ASK THE EXPERTS
Australia’s leading nutrition experts are here to answer all your niggling questions!
Australia’s leading nutrition experts answer your niggling food and health questions
Is fructose fattening? Only if you consume too much (like eating doughnuts by the dozen)
Q I’ve been seeing lowfructose products at the supermarket. Why should we avoid fructose?
Simone, Edgecli , NSW Accredited Practising Dietitian Glenn Cardwell says:
A Like virtually all primates, humans have been dining on sweet foods that contain fructose for millennia. Clearly, we are designed to eat fructose.
Throughout history, our most common and familiar sources of fructose have been honey and fruit. But in recent times, over the past 50 years in particular, cane sugar, or sucrose, has featured widely in our food supply. This sugar is 50 per cent fructose and 50 per cent glucose. You may have heard that fructose makes you fat. The source of this information is usually based in the States, partly because Americans sweeten their foods with high-fructose sugars. However, reviews of the scientific research show that fructose is fattening only if you eat it in excess.
For the past 30 years, Aussies’ consumption of both sugar and fructose has been on the decline, according to University of Sydney experts. We’re also choosing diet soft drinks over sugar-sweetened varieties. Despite this behaviour, we’ve been gaining weight, so the link between fructose and weight gain remains unconvincing.
That said, there are definitely a few folk whose health would benefit from eating less sugar. I’ve seen some people buy doughnuts by the dozen (and I bet they’re not going home to a family with 10 kids!). In small amounts, sugar is pretty harmless; I’m thinking marmalade on toast, the sugar we use in baking or an occasional chocolate bar.
But don’t think, for even a moment, of banning fruit from your diet just because it contains fructose. We dietitians want you to eat two serves a day, and if you’re fit and active, even a little more.
HUNGER OR HABIT?
Q I eat well in general, but I can’t resist my 3pm sugar craving. What can I do to fight this urge?
Jess, Brunswick, VIC Accredited Practising Dietitian Rebecca Lock says:
A Many office workers find that when 3pm rolls around, their concentration wanes, and their sugar and coffee cravings
kick in. This can be due to their seeking comfort or being bored, but sugar isn’t the answer.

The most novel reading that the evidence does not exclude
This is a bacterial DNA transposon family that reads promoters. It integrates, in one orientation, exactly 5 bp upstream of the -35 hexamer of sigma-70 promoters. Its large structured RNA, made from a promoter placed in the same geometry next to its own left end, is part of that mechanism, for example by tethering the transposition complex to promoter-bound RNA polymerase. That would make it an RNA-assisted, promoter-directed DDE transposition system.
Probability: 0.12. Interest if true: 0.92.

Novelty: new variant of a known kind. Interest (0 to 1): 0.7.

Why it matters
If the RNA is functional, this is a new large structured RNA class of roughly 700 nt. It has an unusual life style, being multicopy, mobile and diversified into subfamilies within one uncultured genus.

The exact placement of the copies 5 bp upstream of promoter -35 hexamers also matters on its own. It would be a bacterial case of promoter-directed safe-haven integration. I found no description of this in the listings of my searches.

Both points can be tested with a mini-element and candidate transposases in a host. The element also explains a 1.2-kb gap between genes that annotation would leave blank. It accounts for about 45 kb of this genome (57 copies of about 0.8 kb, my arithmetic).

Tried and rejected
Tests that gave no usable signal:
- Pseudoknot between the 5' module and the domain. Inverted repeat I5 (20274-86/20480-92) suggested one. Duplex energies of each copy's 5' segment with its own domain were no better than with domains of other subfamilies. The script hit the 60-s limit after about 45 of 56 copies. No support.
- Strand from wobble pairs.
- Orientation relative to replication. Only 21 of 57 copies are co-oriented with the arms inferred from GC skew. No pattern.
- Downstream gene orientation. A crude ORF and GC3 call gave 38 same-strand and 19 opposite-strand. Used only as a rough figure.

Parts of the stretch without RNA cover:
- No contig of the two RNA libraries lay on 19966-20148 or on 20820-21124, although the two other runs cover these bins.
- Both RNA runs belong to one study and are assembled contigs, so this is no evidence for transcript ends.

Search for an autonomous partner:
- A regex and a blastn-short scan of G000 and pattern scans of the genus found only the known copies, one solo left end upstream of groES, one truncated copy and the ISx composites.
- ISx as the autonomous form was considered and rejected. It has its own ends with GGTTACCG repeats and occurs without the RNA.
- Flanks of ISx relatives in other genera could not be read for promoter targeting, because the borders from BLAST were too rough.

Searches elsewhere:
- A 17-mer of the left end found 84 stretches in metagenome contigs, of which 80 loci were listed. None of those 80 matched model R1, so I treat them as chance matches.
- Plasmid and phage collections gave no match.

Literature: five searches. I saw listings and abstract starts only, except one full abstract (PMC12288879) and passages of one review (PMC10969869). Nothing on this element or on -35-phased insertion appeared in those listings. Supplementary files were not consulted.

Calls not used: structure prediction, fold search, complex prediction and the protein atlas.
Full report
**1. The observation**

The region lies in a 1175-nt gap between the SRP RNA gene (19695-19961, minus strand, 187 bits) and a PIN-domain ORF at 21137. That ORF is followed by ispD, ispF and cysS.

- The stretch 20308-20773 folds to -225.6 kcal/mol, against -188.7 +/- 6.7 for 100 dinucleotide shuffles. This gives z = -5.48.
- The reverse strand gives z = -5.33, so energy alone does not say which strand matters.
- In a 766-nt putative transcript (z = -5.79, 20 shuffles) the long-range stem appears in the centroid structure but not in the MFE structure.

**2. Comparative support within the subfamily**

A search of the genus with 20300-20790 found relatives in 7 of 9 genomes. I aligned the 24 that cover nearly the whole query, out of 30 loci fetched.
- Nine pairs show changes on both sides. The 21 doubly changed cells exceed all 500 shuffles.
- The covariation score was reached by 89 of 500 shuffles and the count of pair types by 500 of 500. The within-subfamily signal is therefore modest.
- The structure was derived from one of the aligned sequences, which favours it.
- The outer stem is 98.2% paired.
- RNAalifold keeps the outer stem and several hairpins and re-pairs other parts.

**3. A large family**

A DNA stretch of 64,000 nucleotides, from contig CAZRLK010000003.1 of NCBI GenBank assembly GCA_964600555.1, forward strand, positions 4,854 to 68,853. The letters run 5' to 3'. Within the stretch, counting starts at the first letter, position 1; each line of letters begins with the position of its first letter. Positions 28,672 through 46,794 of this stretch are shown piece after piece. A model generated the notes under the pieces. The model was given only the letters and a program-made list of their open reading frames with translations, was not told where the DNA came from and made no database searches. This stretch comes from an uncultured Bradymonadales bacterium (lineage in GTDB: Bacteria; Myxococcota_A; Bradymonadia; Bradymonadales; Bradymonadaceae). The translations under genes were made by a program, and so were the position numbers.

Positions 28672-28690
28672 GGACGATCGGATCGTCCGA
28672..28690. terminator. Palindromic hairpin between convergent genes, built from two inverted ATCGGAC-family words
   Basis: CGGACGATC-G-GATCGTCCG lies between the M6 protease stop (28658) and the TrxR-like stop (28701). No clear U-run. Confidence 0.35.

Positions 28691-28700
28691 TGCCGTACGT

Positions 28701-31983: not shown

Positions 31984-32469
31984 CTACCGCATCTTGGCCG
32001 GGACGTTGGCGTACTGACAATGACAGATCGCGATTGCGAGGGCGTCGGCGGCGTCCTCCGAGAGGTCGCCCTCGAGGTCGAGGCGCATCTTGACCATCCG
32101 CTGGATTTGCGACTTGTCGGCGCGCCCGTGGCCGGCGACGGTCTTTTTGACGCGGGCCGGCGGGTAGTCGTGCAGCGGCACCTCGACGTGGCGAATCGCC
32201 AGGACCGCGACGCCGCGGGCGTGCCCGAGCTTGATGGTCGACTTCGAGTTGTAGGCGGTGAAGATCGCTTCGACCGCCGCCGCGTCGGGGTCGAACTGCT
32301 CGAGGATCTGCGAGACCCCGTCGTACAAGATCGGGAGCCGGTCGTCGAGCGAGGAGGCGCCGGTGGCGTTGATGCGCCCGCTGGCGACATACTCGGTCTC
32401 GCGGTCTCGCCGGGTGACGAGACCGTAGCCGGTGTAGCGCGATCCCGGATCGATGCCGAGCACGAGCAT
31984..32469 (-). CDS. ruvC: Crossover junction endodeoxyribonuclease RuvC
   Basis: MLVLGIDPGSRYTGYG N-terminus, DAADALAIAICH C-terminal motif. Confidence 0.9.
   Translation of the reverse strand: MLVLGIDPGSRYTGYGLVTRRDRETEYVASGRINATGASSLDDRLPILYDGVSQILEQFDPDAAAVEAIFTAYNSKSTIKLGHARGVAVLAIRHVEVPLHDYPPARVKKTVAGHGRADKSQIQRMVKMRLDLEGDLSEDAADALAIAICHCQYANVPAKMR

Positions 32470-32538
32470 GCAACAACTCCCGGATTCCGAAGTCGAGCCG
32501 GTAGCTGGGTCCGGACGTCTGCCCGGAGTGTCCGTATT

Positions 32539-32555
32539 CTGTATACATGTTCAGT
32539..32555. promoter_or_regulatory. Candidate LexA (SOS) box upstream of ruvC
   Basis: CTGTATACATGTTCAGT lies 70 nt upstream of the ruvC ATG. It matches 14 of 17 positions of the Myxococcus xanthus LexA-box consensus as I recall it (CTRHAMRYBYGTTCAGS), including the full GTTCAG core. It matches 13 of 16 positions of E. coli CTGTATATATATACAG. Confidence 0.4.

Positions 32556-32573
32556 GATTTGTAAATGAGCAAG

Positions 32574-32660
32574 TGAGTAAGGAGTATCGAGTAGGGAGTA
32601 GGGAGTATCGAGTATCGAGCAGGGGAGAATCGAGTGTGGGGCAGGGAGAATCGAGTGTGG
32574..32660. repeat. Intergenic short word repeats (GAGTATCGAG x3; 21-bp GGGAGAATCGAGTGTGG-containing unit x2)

We all have routines, so if yours involves heading to the tea room every afternoon for chocolate and a bit of a chat, your sugar ‘craving’ is probably more of a habit (and a welcome chance to escape your desk!). The best way to fend off cravings for sweet foods? Start your day well from the get-go.
A healthy, balanced breakfast is vital to help keep your energy firing throughout the day. Follow this with a wholesome lunch that includes some lean protein, such as tuna, chicken, tofu or egg. This will help you feel full and stabilise your blood sugar, minimising the afternoon munchies.
Having an afternoon snack is a great way to refuel for the rest of the day. So take that well-earned break to enjoy a nourishing bite that will give you the brainpower to work until quitting time. In fact, the best advice I can give you is to keep healthy foods on hand at all times, whether you spend the day at home or in an office.
Stash some of your favourite healthy snacks in your drawer or filing cabinet, and you’ll always be able to grab something that’s good for you at afternoon tea. Some tasty options include: • fresh or dried fruit (which
is naturally sweet) • unsalted nut and seed mixes • reduced-fat yoghurt • raisin toast spread with
cottage cheese or ricotta • grainy crackers topped with tomato and cottage cheese or sliced avocado, or • a wholegrain muesli bar.
Q My doctor has told me to take an iron supplement, but it gives me stomach cramps that take a week to subside. Do you have any advice?
Sandra, Padthaway, SA
HFG dietitian Brooke Longfield says: Unfortunately, certain iron supplements can cause uncomfortable side effects. Like you, some people suffer from stomach cramps, while others complain of nausea and vomiting or constipation. But before you abandon them altogether, talk to your doctor about the dose, type and timing of your particular iron supplement.
You may find a lower dose more tolerable, and taking the tablets over the course of the day (or on alternate days) can help as well. If constipation becomes a problem, increase your fibre and fluids.
To prevent stomach upset, you can take the tablets with meals, but some foods (especially dairy products) can slash iron absorption by up to 50 per cent. Tea, coffee and red wine can also inhibit iron absorption, so avoid these drinks one to two hours before and after taking your tablet (or eating iron-rich food). The best way to pump up your iron is through your diet. Your body absorbs the haem iron in meat more readily than it does the non-haem iron in plant foods, so enjoy a wide range of iron-rich foods, such as red meat, chicken, oysters, nuts, leafy green vegetables, and wholegrain breads and cereals.
Vitamin C enhances iron absorption, so try eating citrus fruit with wholegrain cereal at breakfast, and add C-rich red capsicum and broccoli to your steak or chicken at dinner time.
Tea and coffee inhibit iron absorption, so avoid these drinks before and after taking your tablet
Glenn Cardwell Accredited Practising Dietitian and awardwinning educator in nutrition
Rebecca Lock Accredited Practising Dietitian at Nutrition Australia
Brooke Longfield Accredited Practising Dietitian at Healthy Food Guide magazine